June 4, 2016 at 1:33 AM · Frozen is packing them in right now because it's a new show but I don't think this show will have legs. In a few months after all the APs have seen it, then the lines for FP will die down and there will start to be a few empty seats in the theater. By late 2017, the theater will be only half to 2/3 full for most performances. The show is way too long for a theme park, the projection effects are fine once but don't reward repeat viewings, Frozen hasn't become a time-honored classic that fans will want to experience over and over again, and there is Frozen-fatigue among a good portion of Disney fandom.

We'll see and check back next fall to see whether I got it right.

June 4, 2016 at 2:18 AM · Tony: The low capacity and less showings per day means repeat viewings isn't needed to pack the theater. Unique viewing will be hard enough. Fastpasses run out within the first hour of DCA's opening. People can't get enough of Frozen. The more the better. "Nobody will see Frozen because everyone has seen it."
June 4, 2016 at 5:09 AM · Tony: Last time I checked they were still making little girls aged five go ten ... The princess target demographic will be around at the end of 2017 ... And beyond.
June 4, 2016 at 9:17 AM · Frozen wil absolutely not have the staying power that Aladdin did. Aladdin was popular among seniors, adults, young adults, teens, and children. The same can't be said about Frozen... The only demographic group that I can see Frozen appealing to is Tweens and children. Just give it about a year and the hype around the show will significantly die down.
June 4, 2016 at 10:18 AM · I was very surprised that Disney decided to open Frozen at only three shows per day given the demand for the attraction. Usually, you start a brand new attraction off at maximum capacity and then scale it back as demand tapers, not start at medium capacity and increase it later. At best, the show's daily capacity is going to be roughly equivalent to that of the Fantasyland dark rides, but with only three shows it is closer to the daily capacity of the Astro Orbitor.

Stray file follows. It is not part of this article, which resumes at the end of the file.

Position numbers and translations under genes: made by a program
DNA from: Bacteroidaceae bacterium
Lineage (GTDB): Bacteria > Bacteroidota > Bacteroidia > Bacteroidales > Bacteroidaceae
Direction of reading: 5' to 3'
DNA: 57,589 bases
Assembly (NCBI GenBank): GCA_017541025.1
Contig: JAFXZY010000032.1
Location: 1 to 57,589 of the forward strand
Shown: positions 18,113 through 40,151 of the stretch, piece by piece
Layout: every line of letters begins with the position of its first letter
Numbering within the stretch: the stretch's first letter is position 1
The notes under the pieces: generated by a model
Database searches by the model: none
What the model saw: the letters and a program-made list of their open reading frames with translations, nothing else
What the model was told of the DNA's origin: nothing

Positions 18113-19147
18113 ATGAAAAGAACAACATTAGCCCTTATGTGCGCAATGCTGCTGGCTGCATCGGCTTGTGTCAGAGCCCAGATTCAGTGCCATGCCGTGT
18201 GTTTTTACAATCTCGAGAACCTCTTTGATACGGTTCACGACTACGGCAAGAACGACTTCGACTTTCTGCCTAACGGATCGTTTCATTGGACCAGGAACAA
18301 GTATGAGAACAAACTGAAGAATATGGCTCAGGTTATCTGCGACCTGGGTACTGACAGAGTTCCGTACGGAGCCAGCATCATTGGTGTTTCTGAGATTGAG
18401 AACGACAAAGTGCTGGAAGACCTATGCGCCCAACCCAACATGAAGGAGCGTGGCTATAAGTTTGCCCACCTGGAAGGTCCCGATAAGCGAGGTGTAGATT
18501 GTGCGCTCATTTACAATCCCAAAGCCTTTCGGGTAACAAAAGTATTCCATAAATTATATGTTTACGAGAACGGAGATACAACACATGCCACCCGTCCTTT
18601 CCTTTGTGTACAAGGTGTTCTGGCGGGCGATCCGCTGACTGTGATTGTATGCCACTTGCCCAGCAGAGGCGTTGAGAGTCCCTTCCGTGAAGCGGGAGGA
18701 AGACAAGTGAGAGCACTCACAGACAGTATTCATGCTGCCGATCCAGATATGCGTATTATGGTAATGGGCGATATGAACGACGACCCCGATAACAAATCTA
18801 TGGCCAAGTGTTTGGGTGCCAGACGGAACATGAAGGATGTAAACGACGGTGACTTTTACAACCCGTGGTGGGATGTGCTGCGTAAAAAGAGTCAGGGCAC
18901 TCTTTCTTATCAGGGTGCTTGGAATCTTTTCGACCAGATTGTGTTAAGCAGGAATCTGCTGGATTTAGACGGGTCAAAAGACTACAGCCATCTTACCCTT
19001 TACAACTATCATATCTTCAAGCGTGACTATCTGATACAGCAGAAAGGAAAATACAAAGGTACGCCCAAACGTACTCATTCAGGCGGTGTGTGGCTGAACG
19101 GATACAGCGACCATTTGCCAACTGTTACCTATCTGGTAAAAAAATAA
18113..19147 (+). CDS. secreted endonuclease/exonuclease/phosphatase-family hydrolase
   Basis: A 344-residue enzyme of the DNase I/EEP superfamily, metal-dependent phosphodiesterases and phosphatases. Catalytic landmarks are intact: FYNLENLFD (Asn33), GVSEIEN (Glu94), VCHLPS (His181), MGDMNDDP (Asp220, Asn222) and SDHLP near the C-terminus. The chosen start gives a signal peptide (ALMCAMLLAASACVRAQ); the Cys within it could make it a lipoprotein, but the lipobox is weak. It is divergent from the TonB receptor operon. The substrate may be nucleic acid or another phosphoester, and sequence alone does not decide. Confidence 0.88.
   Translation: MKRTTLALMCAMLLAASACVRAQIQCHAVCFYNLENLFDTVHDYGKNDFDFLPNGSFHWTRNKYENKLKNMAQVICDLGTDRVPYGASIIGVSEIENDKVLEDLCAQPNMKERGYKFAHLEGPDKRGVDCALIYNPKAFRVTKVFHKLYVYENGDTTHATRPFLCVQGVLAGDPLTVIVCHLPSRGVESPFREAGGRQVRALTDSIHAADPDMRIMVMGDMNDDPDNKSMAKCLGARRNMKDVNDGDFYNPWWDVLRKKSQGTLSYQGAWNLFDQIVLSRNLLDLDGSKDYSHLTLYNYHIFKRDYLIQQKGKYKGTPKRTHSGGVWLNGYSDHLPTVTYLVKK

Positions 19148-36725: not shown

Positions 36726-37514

The long term popularity of this show is a big unknown right now, and when crowds begin to taper off I hope they are more due to everyone having seen it and less due to many people giving up after being unable to see it on several consecutive visits. I also hope Disney has a backup plan in case the show fails, as it would be a shame to leave that theater empty. To be honest, I wouldn't be surprised if it's pre-planned as a 5 year show, with some type of Marvel show moving in once the area around the theater becomes Marvel Land and the Frozen ride opens in Fantasyland, but we'll have to wait and see on that one.

June 4, 2016 at 10:50 PM · Aladdin lasted fourteen years, and was still packing in enthusiastic crowds. Ditching that wonderful show just to support a franchise is a disservice to the fans. I mean the Disney parks fans, not the relatively small demographic of Frozen-obssessed young girls (who are notorious for losing interest and quickly jumping on the next bandwagon).
June 5, 2016 at 5:28 AM · I get it that Disney wants to cash in on it's success on the movie . And I'm sure sales expect merchandise to continue to sell because of it. I understand they are pushing "experiences" out into the park for the short term to still the hunger of the guests. But what for it's future? In the past it took years, even decades so build rides on movies and the renewed love for a then clasic movie could be refound trough merchandising in the parks and re-releases of the movies in cinema or on blue-ray.
Will we still get a big ride from an ip after many years if sales is not able to support it with numbers?